FDIC sues 16 big banks that set key rate


WASHINGTON (AP) — The Federal Deposit Insurance Corp. has
sued 16 big banks that set a key global interest rate, accusing them of
fraud and conspiring to keep the rate low to enrich themselves.
banks, which include Bank of America Corp., Citigroup Inc. and JPMorgan
Chase & Co. in the U.S., are among the world’s largest.
FDIC says it is seeking to recover losses suffered from the rate
manipulation by 10 U.S. banks that failed during the financial crisis
and were taken over by the agency. The civil lawsuit was filed Friday in
federal court in Manhattan.
The banks rigged the London interbank
offered rate, or LIBOR, from August 2007 to at least mid-2011, the FDIC
alleged. The LIBOR affects trillions of dollars in contracts around the
world, including mortgages, bonds and consumer loans. A British banking
trade group sets the LIBOR every morning after the 16 international
banks submit estimates of what it costs them to borrow. The FDIC also
sued that trade group, the British Bankers’ Association.
submitting false estimates of their borrowing costs used to calculate
LIBOR, the 16 banks "fraudulently and collusively suppressed (the LIBOR
rate), and they did so to their advantage," the FDIC said in the suit.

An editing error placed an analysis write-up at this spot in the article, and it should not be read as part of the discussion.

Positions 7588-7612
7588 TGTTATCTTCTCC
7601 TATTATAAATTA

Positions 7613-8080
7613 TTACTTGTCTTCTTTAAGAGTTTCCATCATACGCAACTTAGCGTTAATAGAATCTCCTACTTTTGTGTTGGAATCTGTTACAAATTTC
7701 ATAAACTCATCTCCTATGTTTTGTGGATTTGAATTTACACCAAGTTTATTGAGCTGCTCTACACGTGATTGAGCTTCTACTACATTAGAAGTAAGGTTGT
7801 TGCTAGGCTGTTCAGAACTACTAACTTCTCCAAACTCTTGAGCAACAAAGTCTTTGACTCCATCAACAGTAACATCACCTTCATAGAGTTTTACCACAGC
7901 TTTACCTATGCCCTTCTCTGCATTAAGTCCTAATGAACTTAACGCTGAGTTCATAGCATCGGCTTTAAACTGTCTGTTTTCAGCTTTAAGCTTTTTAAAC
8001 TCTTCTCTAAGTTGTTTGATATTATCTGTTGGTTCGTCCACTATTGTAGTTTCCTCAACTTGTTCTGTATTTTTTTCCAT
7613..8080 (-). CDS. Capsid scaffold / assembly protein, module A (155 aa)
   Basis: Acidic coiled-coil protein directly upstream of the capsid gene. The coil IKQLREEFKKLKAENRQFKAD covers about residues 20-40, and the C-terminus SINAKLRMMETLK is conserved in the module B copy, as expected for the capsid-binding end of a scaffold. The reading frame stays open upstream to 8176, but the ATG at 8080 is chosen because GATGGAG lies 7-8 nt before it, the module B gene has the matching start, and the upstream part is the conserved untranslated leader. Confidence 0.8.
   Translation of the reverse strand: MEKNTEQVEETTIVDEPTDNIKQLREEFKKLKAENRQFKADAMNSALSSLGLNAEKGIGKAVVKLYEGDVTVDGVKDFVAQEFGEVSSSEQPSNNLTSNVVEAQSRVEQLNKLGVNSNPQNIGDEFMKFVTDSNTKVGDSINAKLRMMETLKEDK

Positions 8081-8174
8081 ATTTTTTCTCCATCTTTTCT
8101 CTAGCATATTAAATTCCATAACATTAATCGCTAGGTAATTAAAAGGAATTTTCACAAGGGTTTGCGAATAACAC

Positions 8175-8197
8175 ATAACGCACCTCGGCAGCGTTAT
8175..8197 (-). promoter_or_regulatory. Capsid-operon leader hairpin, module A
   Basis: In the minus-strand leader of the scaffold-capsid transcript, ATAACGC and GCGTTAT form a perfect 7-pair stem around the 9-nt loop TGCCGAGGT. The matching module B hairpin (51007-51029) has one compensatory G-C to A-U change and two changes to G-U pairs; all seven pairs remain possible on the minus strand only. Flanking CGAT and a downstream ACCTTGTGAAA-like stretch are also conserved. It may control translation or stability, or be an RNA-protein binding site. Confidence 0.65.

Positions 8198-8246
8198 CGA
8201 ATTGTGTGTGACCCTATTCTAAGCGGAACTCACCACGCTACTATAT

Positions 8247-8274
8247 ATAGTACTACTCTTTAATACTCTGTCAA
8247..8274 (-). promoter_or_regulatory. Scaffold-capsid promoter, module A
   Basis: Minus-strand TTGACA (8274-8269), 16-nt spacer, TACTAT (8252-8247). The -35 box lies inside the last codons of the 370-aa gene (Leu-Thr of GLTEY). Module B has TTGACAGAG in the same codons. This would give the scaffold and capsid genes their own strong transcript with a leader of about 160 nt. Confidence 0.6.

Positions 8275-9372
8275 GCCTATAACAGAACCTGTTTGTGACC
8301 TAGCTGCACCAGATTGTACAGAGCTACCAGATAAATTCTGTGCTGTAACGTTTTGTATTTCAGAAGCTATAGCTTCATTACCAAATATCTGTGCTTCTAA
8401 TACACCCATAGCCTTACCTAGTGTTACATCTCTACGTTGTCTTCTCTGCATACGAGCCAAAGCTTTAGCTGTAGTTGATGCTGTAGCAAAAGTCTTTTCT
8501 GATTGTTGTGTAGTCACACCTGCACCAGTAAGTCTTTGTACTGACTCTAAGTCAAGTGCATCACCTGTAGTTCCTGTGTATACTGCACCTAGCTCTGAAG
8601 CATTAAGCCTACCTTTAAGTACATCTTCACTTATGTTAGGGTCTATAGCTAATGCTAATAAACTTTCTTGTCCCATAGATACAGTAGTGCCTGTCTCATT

spokeswoman Danielle Romero-Apsilos, Bank of America spokesman Lawrence
Grayson and JPMorgan spokesman Brian Marchiony declined to comment.
of the banks — Britain’s Barclays and Royal Bank of Scotland,
Switzerland’s biggest bank UBS and Rabobank of the Netherlands — have
previously paid a total of about $3.6 billion to settle U.S. and
European regulators’ charges of rigging the LIBOR. The banks signed
agreements with the U.S. Justice Department that allow them to avoid
criminal prosecution if they meet certain conditions.
The process
of setting the LIBOR came under scrutiny after Barclays admitted in June
2012 that it had submitted false information to keep the rate low.
number of U.S. cities and municipal agencies also have filed suits
against banks that set the LIBOR rate. They are seeking damages for
losses suffered as a result of an artificially low rate. Local
governments hold bonds and other investments whose value is pegged to
In addition, government-controlled mortgage giants Fannie
Mae and Freddie Mac have brought similar suits against many of the
Under a change announced last July, the London-based
company that owns the New York Stock Exchange, NYSE Euronext, will take
over supervising the setting of LIBOR from the British Bankers’
Association. The changeover is scheduled to be completed by early next
The FDIC asserted in its suit that the banks’ misconduct in
setting LIBOR caused "substantial losses" to the 10 U.S. banks that
failed. The amount wasn’t specified. The agency is seeking both economic
and punitive damages, to be determined by the court.
The other
banks named in the suit are Switzerland’s Credit Suisse, Germany’s
Deutsche Bank and Portigon, British banks HSBC and Lloyds, France’s
Societe Generale, Japan’s Norinchukin Bank and Bank of Tokyo-Mitsubishi,
and Royal Bank of Canada.
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